Associate Dean for Internationalisation, Professor Kieran Fernandes, and former professor at the School, Professor Christos Tsinopoulos, recently met with council leaders and local businesses to discuss how local government and businesses can work better together to deliver ‘levelling-up’ – or regional rebalancing – across the North.
The discussion was prompted by new and authoritative research, ‘Regional Rebalancing’, conducted by engineering consultancy Atkins, the Business School and the Northern Powerhouse Partnership (NPP), which examined the key issues facing local authorities around ‘levelling-up’.
Chaired by John Duns, director at Northeast Times Magazine, the meeting revealed shared objectives, the scale of the opportunity and a real appetite for the public, private and education sectors to work much more closely together for the benefit of the Northeast.
Historically, the region is known for contributing to the country, through providing coal, coke, iron ore and merchant ships.
Now, more recently, the Northeast could be poised to make a further startling contribution as an engine for the green industrial revolution. This was highlighted through the hosting of the Government’s Green Trade and Investment Expo, in Gateshead, which included site tours of flagship green projects across the Northeast, providing tangible proof of the region’s growing pre-eminence.
“We all have a role in building sustainable economic growth across the North.” concluded John Rayson, Atkins’ Managing Director for the North.
Since its formation eight years ago, the Northern Powerhouse Partnership has made progress in confirming the principles of ‘regional rebalancing’, however research identified a need for a more effective policy from the Government. The team from Durham who provided the commentary on the new report shared their views. Professor Kieran Fernandes, who led the School’s input on the research findings told the assembled participants, "Policy should be focused on a regional basis, as macro policies are not always effective to bring about a micro change. While some of this can be achieved via devolved administration, others must be co-ordinated centrally.”
Durham PhD candidate Kieran Purvis, who also worked on the reported added, “Rebalancing, or ‘levelling-up’, suggests a focus on the relative performance of the Northeast to other regions in the UK, the South and London in particular.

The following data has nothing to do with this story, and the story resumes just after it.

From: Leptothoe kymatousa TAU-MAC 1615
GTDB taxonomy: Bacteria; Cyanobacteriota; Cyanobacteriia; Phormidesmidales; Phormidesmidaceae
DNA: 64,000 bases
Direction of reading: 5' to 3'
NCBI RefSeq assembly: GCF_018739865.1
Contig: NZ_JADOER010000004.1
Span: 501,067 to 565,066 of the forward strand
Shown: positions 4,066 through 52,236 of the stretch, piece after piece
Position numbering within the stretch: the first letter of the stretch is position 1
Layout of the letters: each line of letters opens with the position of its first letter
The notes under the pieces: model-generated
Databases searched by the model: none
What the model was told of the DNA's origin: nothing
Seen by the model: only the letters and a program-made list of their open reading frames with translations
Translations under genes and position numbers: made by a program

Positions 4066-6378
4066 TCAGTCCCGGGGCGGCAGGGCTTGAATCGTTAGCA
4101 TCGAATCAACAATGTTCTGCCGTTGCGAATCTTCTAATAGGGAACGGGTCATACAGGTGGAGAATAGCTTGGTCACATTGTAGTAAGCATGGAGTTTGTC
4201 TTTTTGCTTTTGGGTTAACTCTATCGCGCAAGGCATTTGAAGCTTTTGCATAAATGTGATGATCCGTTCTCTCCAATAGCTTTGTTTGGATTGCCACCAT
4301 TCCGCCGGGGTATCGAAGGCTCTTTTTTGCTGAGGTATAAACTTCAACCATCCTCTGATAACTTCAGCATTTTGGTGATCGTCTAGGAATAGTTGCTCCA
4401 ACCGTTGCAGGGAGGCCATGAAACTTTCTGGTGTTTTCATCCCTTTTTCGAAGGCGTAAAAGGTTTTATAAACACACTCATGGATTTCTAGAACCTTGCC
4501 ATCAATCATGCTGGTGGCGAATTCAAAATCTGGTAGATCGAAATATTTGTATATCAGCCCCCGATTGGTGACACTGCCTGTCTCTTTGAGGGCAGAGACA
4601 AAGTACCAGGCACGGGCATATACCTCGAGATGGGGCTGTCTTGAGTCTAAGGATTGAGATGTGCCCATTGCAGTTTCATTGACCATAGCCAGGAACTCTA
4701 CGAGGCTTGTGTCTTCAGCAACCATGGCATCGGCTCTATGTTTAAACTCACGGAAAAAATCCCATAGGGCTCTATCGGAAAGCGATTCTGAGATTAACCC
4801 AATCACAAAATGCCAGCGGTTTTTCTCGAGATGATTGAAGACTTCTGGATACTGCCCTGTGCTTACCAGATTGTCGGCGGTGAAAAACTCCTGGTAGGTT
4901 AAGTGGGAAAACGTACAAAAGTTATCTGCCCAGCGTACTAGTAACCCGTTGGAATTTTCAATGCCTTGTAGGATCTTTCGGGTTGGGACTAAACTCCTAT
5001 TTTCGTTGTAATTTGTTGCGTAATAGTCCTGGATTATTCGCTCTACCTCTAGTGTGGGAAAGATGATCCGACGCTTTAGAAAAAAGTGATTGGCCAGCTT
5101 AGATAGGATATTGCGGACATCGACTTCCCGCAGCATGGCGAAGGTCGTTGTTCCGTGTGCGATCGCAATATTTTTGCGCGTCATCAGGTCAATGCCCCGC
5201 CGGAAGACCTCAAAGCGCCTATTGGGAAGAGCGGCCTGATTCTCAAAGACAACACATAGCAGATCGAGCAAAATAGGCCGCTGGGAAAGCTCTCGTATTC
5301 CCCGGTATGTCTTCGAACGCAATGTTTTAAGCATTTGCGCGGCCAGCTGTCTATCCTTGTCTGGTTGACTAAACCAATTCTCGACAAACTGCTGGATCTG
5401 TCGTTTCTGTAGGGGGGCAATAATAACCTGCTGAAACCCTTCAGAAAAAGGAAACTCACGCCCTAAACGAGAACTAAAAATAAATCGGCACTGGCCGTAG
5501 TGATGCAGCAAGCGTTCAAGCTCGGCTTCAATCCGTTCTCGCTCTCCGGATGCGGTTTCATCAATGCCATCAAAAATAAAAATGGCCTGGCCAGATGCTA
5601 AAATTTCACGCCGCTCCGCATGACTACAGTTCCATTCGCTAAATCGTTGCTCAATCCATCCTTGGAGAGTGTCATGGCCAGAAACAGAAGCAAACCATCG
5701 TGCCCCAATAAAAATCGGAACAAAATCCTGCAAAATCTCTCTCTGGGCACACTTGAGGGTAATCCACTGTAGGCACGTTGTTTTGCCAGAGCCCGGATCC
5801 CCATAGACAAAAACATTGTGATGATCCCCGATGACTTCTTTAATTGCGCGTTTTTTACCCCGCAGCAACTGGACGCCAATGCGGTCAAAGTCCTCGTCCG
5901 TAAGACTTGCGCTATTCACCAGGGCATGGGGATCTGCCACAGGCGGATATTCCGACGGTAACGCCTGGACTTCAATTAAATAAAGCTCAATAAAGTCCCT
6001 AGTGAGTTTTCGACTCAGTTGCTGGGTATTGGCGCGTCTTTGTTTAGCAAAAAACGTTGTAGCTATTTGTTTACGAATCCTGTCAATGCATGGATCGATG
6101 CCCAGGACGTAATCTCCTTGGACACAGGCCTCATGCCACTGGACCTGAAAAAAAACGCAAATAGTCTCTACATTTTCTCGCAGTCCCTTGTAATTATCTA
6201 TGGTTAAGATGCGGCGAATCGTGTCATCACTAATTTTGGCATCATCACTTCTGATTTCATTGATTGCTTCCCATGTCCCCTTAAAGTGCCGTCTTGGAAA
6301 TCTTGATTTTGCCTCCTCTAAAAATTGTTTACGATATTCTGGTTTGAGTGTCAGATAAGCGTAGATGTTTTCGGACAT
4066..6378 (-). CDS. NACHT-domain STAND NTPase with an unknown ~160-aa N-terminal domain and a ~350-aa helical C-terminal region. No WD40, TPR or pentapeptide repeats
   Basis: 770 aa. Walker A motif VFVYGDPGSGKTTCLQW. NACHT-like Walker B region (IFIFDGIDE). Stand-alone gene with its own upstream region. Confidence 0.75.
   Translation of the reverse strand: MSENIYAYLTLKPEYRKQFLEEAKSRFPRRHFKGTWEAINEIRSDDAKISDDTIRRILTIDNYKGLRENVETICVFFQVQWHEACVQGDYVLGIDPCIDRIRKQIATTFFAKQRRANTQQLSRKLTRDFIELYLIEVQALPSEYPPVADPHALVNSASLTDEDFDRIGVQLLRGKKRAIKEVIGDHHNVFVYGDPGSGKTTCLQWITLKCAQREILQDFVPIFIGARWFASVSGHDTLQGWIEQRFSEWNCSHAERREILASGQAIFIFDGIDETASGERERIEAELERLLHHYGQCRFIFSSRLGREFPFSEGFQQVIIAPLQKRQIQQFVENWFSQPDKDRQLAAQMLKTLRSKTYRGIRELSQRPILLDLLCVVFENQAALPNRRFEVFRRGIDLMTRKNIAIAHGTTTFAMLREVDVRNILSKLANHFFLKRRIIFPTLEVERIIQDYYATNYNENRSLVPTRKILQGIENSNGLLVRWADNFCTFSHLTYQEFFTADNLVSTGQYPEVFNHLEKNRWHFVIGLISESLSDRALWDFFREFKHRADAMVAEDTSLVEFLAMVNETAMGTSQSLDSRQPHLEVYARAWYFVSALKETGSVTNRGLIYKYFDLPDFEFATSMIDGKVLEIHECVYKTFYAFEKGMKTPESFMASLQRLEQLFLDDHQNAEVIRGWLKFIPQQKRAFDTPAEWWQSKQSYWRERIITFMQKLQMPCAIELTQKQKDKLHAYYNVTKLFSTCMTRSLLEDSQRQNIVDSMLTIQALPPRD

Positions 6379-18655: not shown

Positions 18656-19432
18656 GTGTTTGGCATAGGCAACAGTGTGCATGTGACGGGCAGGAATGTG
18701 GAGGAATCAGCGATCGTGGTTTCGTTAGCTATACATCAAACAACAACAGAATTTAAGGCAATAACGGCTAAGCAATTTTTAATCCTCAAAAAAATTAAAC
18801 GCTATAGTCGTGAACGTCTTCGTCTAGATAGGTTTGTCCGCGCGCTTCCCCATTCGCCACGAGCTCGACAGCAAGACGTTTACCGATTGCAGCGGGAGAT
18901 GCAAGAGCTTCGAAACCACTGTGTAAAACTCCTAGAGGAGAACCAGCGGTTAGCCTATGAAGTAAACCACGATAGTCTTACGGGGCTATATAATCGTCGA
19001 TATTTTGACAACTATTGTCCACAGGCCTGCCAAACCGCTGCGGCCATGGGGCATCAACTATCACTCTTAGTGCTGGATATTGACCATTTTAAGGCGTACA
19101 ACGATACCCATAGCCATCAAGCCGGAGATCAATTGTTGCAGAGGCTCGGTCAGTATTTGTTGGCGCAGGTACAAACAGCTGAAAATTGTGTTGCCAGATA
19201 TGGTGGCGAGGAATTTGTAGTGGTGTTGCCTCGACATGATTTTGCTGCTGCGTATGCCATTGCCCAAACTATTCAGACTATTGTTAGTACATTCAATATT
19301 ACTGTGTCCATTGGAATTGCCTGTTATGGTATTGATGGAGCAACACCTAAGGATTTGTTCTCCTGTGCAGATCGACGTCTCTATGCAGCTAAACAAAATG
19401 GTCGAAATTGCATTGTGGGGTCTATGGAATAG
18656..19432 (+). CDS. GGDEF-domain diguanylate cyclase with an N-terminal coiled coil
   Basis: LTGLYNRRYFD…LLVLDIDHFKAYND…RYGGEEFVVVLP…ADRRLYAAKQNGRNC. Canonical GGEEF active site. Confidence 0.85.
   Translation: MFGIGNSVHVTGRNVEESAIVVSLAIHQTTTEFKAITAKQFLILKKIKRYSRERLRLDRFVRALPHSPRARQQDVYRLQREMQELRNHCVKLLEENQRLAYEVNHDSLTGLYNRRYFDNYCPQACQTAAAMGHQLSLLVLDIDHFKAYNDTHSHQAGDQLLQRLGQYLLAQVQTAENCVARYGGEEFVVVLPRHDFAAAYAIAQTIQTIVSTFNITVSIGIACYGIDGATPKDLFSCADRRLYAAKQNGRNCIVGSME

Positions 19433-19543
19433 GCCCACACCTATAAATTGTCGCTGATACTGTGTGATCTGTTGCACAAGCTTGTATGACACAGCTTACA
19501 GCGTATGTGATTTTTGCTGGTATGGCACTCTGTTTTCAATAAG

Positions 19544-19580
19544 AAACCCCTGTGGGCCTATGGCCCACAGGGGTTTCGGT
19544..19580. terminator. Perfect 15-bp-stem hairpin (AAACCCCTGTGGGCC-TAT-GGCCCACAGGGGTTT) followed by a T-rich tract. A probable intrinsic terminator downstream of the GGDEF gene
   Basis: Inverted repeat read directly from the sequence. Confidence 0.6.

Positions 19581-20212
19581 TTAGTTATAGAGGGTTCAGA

I’m certain that the ambition for this region, can and should, go above and beyond its relative performance to other parts of the UK, and that the role of the Government should simply be to empower it to do so.”
The report and the discussion group highlighted the need for consistency from government with Professor Christos Tsinopoulos emphasising “We need consistency. We also need to upskill and work closer with investors…and as someone who frequently travels from the Northeast to the home counties, the need for transport infrastructure investment is profound.”
This view was supported by Andy Kerr, Head of Economic Development at Durham County Council, Guy Currey, director at Invest North East and John Rayson.
Government policy is a key focus of the report and Councillor Bob Cook, leader of Stockton-on-Tees Borough Council reinforced this, saying “Along with capital investment for ‘levelling-up’, we also need clear policy direction and sustained funding to invest in our people and communities.”
Skills and transport have been identified as recurring priorities both in past reports and current research.
It is believed that that the region will only get real change if mayors have real budgets, and it cannot be done from Westminster.
Having taken this into consideration, attendees believed that motivation was needed to ensure people stay in the region, through financial incentive in Higher Education, inspiring them with the varying skills on offer as well as having guaranteed jobs in their respective sectors.
A figure that emerged from the Green Expo was that there is €850 billions of investor money to be spent on net-zero. The question is, ‘Where to invest?’
It was argued that if investors can see visible projects and delivery happening in the next couple of years – as they did on the Green Expo tour of Northeast net-zero projects – then the investment is much more likely to follow.
Visibility across the North, a higher profile and net-zero were crucial as a means of attracting investment.
The major theme to emerge from the meeting, and upon which all were agreed, was the scale of the opportunity for the Northeast and the need to keep our profile high.
Chris Beck, director of clean growth and innovation, Tees Valley Combined Authority summarised this nicely saying, “Just as we were the first in steel, chemicals and shipbuilding, the Northeast is in the vanguard of a new industrial revolution. There is a golden opportunity.”